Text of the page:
– It is a very well-tested algorithm

– It has full support for parallel random number generation

– Its statistical properties (i.e. lack of correlation) are known in the parallel setting. Thus, it provides “good” random numbers on a single GPU, on a cluster of GPUs, or on a cluster of CPUs.

– It has a large number of parallel independent substreams, each of which has length 2^76, long enough to make it extremely unlikely that any customer will ever see any effects from exhausting the random number generator.

– It supports both the creation of random matrices and unrestricted usage within arrayfun to generate random scalars(*).

– It supports reproducibility. That is, one can reproduce previous results through retrieving, storing and later re-instating the random number generator state.

– It is supported on the CPU in MATLAB. Furthermore, the random numbers produced on the GPU match exactly those produced by that random number generator when used on the CPU in MATLAB.

Using mrg32k3a with the Inversion method to generate normally distributed random numbers allows us to meet all of the criteria listed above. This makes it a very good choice as default random number generator for the GPU, one that we are very comfortable recommending to our customers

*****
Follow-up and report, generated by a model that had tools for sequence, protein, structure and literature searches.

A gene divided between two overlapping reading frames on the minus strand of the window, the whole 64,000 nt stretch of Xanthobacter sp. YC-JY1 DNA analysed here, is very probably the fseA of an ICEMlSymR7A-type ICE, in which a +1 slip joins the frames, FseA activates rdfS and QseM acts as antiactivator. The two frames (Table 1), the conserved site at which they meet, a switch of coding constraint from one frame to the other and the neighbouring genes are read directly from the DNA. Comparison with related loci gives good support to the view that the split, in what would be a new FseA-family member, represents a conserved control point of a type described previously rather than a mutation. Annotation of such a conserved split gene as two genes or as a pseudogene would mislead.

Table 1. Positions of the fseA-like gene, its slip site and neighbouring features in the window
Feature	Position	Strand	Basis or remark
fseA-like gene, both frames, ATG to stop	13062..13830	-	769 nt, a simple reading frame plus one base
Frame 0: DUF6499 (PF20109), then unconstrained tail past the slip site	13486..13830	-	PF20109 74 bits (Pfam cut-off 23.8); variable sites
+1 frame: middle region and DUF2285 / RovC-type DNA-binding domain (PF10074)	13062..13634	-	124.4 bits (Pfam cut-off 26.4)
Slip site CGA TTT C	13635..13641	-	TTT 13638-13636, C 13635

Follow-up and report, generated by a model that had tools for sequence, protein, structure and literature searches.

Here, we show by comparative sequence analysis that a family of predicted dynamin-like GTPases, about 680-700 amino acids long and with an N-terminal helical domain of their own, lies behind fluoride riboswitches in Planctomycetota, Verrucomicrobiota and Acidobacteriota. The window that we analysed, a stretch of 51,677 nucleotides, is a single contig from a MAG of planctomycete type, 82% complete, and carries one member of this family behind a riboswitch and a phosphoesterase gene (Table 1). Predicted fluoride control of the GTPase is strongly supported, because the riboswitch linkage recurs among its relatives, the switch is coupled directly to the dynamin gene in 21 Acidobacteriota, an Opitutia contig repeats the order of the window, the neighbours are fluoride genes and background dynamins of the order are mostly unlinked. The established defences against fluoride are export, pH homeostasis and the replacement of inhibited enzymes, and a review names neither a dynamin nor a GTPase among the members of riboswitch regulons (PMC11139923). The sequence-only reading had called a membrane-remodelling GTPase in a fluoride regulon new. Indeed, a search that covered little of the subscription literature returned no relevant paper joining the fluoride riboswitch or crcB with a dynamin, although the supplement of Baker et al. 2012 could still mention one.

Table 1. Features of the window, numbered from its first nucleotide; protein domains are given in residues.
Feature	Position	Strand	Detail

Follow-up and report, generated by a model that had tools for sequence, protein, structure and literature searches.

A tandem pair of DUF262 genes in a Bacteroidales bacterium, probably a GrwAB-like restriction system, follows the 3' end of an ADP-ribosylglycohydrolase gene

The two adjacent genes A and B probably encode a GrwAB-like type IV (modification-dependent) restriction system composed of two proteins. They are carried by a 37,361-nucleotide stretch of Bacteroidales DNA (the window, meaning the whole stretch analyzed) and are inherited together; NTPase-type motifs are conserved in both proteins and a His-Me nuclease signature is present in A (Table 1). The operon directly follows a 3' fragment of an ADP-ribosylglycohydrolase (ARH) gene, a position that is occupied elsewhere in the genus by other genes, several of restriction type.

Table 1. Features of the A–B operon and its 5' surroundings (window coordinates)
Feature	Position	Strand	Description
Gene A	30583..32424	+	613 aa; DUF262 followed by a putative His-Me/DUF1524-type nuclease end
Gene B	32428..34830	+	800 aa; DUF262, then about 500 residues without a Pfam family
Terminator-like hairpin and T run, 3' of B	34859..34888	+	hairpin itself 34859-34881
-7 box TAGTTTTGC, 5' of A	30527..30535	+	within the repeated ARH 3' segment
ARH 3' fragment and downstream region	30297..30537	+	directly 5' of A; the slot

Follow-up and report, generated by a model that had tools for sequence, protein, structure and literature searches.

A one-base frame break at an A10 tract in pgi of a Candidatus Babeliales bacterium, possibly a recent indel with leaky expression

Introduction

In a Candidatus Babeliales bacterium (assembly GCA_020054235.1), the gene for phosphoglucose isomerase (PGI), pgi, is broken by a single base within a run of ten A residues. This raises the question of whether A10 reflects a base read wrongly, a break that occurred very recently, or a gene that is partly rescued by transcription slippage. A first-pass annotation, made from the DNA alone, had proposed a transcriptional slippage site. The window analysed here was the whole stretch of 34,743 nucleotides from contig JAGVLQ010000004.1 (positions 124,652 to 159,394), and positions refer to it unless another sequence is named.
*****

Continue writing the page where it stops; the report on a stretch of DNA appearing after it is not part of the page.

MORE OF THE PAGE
(*) Complicated functions that are invoked using arrayfun may vary the number of times they invoke rand based on the input values or even based on the random numbers themselves. A realistic example might involve a Monte-Carlo simulation that draws random numbers to perform a simulation until convergence is reached. However, it can be demonstrated via the following contrived example:

function m = meanOfNumbers(n)

% meanOfNumbers Return the mean of n random numbers.

s = 0;

for i = 1:n

s = s + rand();

end

m = s./n;

end

If you invoke it via

y = arrayfun(@meanOfNumbers, gpuArray(1:1e4)), then y(1) is based on one random number, whereas y(1e4) is based on 1e4 random numbers.

I hope you find it helpful to understand why we arrived at that particular choice of a random number generator, although it did not give you the expected performance.

Best,

Narfi Stefansson

Parallel Computing, MathWorks

Just follow the last comment. I wish to ask if it would be better to generate a huge pool of random number on the CPU then transfer to GPU for use later on. I’m thinking of doing that in my algorithm. Probably I can share with you later this week.

Hi

I wouldn’t go down that route if I were you. GPU-based random number generation is faster in modern MATLAB — http://www.walkingrandomly.com/?p=4870

Cheers,

Mike